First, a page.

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Why Chapter 13 Bankruptcy may not be able to save some Bay Area homeowners from forclosure

As a Bay Area bankruptcy attorney, I know first hand that for many people in California, the dream of owning their own home became a nightmare when the housing bubble burst in 2007. Trapped in mortgages they no longer could afford, homeowners quickly saw any equity they may have had in their homes slip away. Gone was the nest egg they thought they had provided for themselves. Real estate investment, which up until that point was considered a sound investment, a certified “sure thing,” over night became the money pit for thousands of California home owners.

In an effort to try to save their homeownership dreams and still afford to eat, many people looked to bankruptcy as an option. For thousands of people, Chapter 13 helped them catch up on their mortgage arrears and keep their home. But for countless others, chapter 13 bankruptcy could not provide the “fresh start” the bankruptcy code promises. This is because of the debt limits that are provided for in Chapter 13 bankruptcy. Under the code, the cap on unsecured debt is $360,475 and the limit for secured debt is $1,081,400. While these limits may seem easy to pass, for many home owners the amount of their mortgage alone instantly excluded them from chapter 13 eligibility because their mortgages were above the secured debt limits.

As people living in California, and especially the bay area, know, housing prices are well above the national average. Million dollar homes, while not the norm in bankruptcy, are neither the exception. This means that for some, the very reason they were looking towards bankruptcy relief, to save their home, is the very reason they were not eligible for that relief in a chapter 13 context. Instead of being able to repay their mortgage arrears through a chapter 13 plan, these high mortgage debtors were forced to either consider a chapter 11 bankruptcy which is incredibly expensive and not particularly suited for this type of individual case, or negotiate directly with their lender without the protection of bankruptcy. Often times, neither of these options was successful and homes were lost to foreclosure.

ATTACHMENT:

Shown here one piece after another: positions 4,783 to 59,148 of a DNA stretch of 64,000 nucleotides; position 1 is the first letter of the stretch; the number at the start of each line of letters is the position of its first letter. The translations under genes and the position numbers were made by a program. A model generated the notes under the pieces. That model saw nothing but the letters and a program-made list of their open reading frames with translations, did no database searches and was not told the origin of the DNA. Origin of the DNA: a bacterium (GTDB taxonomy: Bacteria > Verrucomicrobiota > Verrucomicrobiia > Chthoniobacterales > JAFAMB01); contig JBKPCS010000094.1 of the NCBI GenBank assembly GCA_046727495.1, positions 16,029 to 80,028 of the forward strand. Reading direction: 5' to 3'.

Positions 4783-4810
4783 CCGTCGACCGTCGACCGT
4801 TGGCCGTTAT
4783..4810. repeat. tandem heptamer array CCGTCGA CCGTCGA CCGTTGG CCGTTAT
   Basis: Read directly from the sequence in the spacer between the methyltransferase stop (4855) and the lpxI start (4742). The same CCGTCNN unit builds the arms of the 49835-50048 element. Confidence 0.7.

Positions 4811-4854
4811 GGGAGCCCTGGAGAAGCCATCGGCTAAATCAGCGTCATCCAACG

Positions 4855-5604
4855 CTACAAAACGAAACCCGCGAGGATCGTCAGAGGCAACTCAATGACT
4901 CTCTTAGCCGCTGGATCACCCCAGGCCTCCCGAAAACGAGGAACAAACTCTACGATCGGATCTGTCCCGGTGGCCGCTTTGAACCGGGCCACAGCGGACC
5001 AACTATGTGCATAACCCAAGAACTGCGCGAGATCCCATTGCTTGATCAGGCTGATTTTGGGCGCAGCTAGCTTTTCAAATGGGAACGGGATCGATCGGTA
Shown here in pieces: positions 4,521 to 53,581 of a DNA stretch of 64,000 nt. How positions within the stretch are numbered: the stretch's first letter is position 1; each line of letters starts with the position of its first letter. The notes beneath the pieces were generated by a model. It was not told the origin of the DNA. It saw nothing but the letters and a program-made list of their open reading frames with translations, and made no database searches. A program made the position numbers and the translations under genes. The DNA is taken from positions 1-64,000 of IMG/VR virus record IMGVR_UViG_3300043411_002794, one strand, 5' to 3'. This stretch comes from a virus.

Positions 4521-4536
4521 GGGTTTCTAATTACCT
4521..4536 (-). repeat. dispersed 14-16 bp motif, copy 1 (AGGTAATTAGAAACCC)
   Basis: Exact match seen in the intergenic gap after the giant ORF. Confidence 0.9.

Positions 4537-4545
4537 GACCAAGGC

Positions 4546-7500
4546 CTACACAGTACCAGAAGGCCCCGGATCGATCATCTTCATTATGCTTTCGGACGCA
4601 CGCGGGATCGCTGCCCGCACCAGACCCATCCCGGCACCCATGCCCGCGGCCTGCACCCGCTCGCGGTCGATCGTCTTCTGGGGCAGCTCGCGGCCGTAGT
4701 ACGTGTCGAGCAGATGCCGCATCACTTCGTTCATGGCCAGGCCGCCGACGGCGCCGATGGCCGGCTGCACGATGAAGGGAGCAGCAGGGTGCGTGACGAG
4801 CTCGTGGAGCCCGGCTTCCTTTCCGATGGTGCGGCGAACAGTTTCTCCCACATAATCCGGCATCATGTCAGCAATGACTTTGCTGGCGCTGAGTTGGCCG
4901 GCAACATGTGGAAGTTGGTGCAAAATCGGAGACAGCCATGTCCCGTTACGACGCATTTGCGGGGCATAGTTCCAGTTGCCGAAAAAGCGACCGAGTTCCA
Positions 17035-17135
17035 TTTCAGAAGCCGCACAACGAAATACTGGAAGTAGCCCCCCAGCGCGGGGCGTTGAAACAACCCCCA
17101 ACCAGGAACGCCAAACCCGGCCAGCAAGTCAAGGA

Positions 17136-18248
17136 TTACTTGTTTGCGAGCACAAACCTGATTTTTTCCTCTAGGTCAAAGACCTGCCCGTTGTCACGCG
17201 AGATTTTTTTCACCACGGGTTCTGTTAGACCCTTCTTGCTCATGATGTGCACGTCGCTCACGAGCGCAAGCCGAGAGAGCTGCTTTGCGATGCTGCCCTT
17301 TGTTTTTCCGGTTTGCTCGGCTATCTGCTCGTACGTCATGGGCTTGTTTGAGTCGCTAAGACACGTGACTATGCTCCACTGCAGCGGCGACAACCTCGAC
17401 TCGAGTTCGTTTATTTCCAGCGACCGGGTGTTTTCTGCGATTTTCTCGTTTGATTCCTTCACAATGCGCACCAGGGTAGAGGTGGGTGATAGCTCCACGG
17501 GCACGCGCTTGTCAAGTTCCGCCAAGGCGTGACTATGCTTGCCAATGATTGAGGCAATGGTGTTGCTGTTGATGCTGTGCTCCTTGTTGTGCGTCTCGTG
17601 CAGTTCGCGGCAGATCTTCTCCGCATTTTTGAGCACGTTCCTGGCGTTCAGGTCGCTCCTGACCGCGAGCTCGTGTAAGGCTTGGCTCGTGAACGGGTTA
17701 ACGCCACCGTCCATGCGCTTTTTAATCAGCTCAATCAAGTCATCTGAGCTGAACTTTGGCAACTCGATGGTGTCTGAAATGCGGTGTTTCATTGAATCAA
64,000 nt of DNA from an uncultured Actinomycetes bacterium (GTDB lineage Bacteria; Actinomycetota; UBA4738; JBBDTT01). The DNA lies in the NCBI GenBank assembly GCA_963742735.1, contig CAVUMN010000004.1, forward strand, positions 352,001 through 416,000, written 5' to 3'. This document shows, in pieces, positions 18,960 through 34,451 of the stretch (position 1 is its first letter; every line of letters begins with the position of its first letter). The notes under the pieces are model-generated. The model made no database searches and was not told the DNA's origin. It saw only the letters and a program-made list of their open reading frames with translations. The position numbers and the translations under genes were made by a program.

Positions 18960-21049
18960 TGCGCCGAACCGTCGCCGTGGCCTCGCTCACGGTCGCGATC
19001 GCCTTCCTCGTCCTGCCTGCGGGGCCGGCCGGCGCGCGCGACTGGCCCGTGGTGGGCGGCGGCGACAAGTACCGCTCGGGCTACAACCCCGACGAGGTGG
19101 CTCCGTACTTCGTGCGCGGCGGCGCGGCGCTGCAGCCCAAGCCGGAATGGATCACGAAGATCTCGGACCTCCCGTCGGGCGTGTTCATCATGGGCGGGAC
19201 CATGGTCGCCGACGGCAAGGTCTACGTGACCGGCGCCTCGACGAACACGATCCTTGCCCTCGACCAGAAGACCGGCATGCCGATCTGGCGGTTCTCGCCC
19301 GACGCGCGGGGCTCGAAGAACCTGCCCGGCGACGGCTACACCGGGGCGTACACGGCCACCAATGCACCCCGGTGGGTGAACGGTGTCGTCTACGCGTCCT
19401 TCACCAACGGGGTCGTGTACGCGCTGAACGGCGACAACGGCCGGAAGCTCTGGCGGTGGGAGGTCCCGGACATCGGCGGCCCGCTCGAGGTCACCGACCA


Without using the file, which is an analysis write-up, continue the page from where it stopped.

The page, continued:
A wonderful benefit of a Chapter 13 bankruptcy is the ability for homeowners to strip off a second mortgage. This is allowed only when the first mortgage is higher than the value of the home. So if you owe more money on your first mortgage than your home is worth, you can strip off and discharge the second mortgage through your chapter 13 case. However, many high mortgage debtors ran into debt limits issues trying to utilize this very tool. In order to strip off a second mortgage, you have to show that the debt is unsecured. You must show that there is no equity in the property to secure the second mortgage lien. Once you’ve done that you have to classify that debt in the bankruptcy plan. Courts have consistently held that this stripped off second mortgage must be classified as unsecured debt and is therefore subject to the chapter 13 unsecured debt limit of $360,475. It is easy to see how a homeowner could be disqualified from chapter 13 due to their stripped second mortgage plus their other general unsecured debt like credit card debt, student loans, and medical bills. If a person had a $200,000.00 second mortgage plus another $150,000.00 in credit card debt then they technically would be ineligible for a chapter 13 bankruptcy.

Some attorneys have decided to challenge the debt limits of chapter 13, arguing that the limits are unconstitutional. This argument is premised in the 14th Amendment’s Equal Protection Clause. The argument goes as follows: Similarly situated debtors are being treated differently due to the geographic area in which they live. Because debtors in California are subject to much more inflated housing market than Debtors living in say, Ohio, they are being excluded from chapter 13 relief whereas Debtors in Ohio are not.This argument is currently before the 9th Circuit Court of Appeals in the case Santos v. Dockery. Hopefully, the 9th Circuit will decide to allow all debtors the same opportunity to save their homes.

The Law Offices of Melanie Tavare is a debt relief agency. We help people file for bankruptcy relief under the Bankruptcy Code

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